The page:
Beyoncé ended 2013 on a sour note with members of the NASA community.
The pop singer included an audio clip from the 1986 space shuttle Challenger disaster as part of her new song, "XO." The track was released Dec. 13 as part of Beyoncé's new self-titled album.
As the song "XO" begins playing, listeners hear the voice of NASA mission commentator Steven Nesbitt describing the tragedy that claimed seven astronauts' lives as it was still unfolding over the skies of the Kennedy Space Center in Florida on the morning of Jan. 28, 1986. [Watch now: Music video for Beyoncé’s song "XO"]
"Flight controllers here looking very carefully at the situation. Obviously a major malfunction," Nesbitt said from Mission Control in Houston as the remains of the shuttle fell toward the ocean.
What followed almost 30 years ago was one of the most solemn moments in NASA's history. In the song however, Nesbitt's words are met with Beyoncé singing about love and being kissed by her lover.
"The song 'XO' was recorded with the sincerest intention to help heal those who have lost loved ones and to remind us that unexpected things happen," the singer told ABC News on Monday, Dec. 30, offering an explanation behind the song and its use of the audio. "So love and appreciate every minute that you have with those who mean the most to you."
That connection however, between the loss of a loved one and the lyrics, "Baby kiss me, before they turn the lights out, your heart is glowing, and I'm crashing into you," was seemingly lost, even among music enthusiasts.
"The sample remains unexplained but it's there," VH1, the music-focused television network, noted on its website soon after the song's release.
Worse though, it upset those close to the Challenger crew, including the families of the fallen astronauts.
"We were disappointed to learn that an audio clip from the day we lost our heroic Challenger crew was used in the song 'XO,'" June Scobee Rodgers, the widow of STS-51L commander Richard "Dick" Scobee and founding chair of the Challenger Center for Space Science Education, wrote in a statement released Monday. "The moment included in this song is an emotionally difficult one for the Challenger families, colleagues and friends."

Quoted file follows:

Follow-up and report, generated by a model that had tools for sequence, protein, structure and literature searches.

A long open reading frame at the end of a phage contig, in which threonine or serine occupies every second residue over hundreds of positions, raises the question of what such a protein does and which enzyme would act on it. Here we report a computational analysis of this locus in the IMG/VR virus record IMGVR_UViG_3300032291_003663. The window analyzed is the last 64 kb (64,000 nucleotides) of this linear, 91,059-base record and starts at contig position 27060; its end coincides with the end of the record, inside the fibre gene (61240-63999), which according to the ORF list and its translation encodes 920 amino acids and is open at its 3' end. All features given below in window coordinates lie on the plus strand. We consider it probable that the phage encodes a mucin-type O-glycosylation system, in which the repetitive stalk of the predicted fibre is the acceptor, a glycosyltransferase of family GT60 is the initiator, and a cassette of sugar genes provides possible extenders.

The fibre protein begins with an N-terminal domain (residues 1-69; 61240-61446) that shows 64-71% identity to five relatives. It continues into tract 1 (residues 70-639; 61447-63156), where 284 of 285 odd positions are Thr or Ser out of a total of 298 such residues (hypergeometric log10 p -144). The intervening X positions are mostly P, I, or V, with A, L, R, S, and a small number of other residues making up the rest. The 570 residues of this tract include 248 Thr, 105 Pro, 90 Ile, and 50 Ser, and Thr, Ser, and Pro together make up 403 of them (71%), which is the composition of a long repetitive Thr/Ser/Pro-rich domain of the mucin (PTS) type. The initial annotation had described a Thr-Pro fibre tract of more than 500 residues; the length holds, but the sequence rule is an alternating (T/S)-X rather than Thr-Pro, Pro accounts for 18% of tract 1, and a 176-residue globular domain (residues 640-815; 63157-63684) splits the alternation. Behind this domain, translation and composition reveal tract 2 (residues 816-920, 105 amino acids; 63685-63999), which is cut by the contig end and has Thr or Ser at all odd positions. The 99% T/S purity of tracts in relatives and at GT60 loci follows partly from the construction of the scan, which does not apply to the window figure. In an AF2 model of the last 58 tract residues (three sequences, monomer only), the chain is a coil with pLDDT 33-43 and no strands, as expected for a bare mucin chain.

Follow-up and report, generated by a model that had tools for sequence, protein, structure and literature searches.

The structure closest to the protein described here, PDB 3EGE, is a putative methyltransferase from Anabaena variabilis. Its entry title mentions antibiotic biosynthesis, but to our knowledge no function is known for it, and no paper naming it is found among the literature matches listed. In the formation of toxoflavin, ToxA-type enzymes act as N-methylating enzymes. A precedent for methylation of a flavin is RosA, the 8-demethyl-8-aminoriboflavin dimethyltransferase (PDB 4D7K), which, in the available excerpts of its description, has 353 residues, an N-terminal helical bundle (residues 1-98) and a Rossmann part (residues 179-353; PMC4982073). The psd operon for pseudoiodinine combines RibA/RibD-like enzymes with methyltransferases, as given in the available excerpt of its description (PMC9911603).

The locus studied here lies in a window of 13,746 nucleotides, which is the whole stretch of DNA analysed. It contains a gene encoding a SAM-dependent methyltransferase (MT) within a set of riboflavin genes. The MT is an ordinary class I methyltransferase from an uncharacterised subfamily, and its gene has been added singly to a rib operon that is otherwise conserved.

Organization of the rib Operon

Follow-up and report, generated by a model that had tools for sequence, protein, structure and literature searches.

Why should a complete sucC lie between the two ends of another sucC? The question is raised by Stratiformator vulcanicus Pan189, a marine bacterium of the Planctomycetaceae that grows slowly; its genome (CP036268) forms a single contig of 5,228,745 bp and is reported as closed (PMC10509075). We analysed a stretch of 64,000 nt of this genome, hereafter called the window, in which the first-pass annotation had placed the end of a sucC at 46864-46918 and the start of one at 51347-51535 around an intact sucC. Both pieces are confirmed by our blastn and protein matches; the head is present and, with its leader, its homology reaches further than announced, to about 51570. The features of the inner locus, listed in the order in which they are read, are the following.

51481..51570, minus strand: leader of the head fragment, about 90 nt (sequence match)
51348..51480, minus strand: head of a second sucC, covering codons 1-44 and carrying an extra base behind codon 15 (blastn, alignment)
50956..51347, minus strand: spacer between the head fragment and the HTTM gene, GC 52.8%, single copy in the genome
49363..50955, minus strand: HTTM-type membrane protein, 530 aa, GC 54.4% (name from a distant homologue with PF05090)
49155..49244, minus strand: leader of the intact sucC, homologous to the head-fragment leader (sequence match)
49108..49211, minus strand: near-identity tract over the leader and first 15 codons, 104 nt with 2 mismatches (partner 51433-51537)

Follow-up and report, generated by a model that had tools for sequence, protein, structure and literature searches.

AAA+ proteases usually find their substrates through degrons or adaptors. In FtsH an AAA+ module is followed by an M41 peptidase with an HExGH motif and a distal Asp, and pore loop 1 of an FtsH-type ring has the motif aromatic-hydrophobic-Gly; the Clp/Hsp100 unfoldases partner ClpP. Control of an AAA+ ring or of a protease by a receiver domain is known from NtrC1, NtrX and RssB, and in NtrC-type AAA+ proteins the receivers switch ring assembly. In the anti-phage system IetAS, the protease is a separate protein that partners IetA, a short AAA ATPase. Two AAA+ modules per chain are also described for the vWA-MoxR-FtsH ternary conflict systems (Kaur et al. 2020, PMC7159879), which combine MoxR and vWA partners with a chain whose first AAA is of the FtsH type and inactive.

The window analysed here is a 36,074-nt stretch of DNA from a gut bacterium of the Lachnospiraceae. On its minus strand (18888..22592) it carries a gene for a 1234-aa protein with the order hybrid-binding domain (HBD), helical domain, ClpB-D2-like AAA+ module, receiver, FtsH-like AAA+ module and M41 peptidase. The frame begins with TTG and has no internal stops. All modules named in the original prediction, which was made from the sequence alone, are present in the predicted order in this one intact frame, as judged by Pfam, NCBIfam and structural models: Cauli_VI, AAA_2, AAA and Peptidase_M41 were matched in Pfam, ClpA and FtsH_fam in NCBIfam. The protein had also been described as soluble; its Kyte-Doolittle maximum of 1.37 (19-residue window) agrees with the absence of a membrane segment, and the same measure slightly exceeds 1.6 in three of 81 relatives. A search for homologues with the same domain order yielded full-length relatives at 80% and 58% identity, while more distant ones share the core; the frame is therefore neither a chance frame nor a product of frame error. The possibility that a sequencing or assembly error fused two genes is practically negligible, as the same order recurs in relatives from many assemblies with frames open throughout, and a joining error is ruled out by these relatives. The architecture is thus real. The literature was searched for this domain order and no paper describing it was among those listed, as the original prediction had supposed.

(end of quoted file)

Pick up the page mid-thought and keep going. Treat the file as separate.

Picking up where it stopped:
Beyoncé told ABC News that her "heart goes out to the families of those lost in the Challenger disaster."
"The songwriters included the audio in tribute to the unselfish work of the Challenger crew with hope that they will never be forgotten," the singer added.
Rodgers said she and the other family members choose to focus on how their loved ones lived, rather than focus on how they were lost.
"We hope everyone remembers the crew for the inspirational legacy they left in the hearts of so many," Rodgers said, noting that it was the crew's dedication to education and exploration that resulted in the education of millions of students through the Challenger Centers.
NASA also responded to the song, stating that the loss of Challenger "should never be trivialized."
"NASA works every day to honor the legacy of our fallen astronauts as we carry out our mission to reach for new heights and explore the universe," NASA spokesman Bob Jacobs said.
Challenger was lost 73 seconds into the space shuttle's tenth flight. In addition to Scobee, the STS-51L astronauts included pilot Mike Smith and mission specialists Ellison Onizuka, Judy Resnik and Ron McNair. Teacher Christa McAuliffe and engineer Greg Jarvis completed the crew as payload specialists.
Beyoncé Knowles, who grew up in Houston and was four years old at the time of Challenger's loss, is not the first artist to include NASA audio in a song. The bands Rush and Mannheim Steamroller, among others, have sampled shuttle sounds for their tracks, but Beyoncé is believed to be the first major recording artist to repurpose the audio from the Challenger tragedy.
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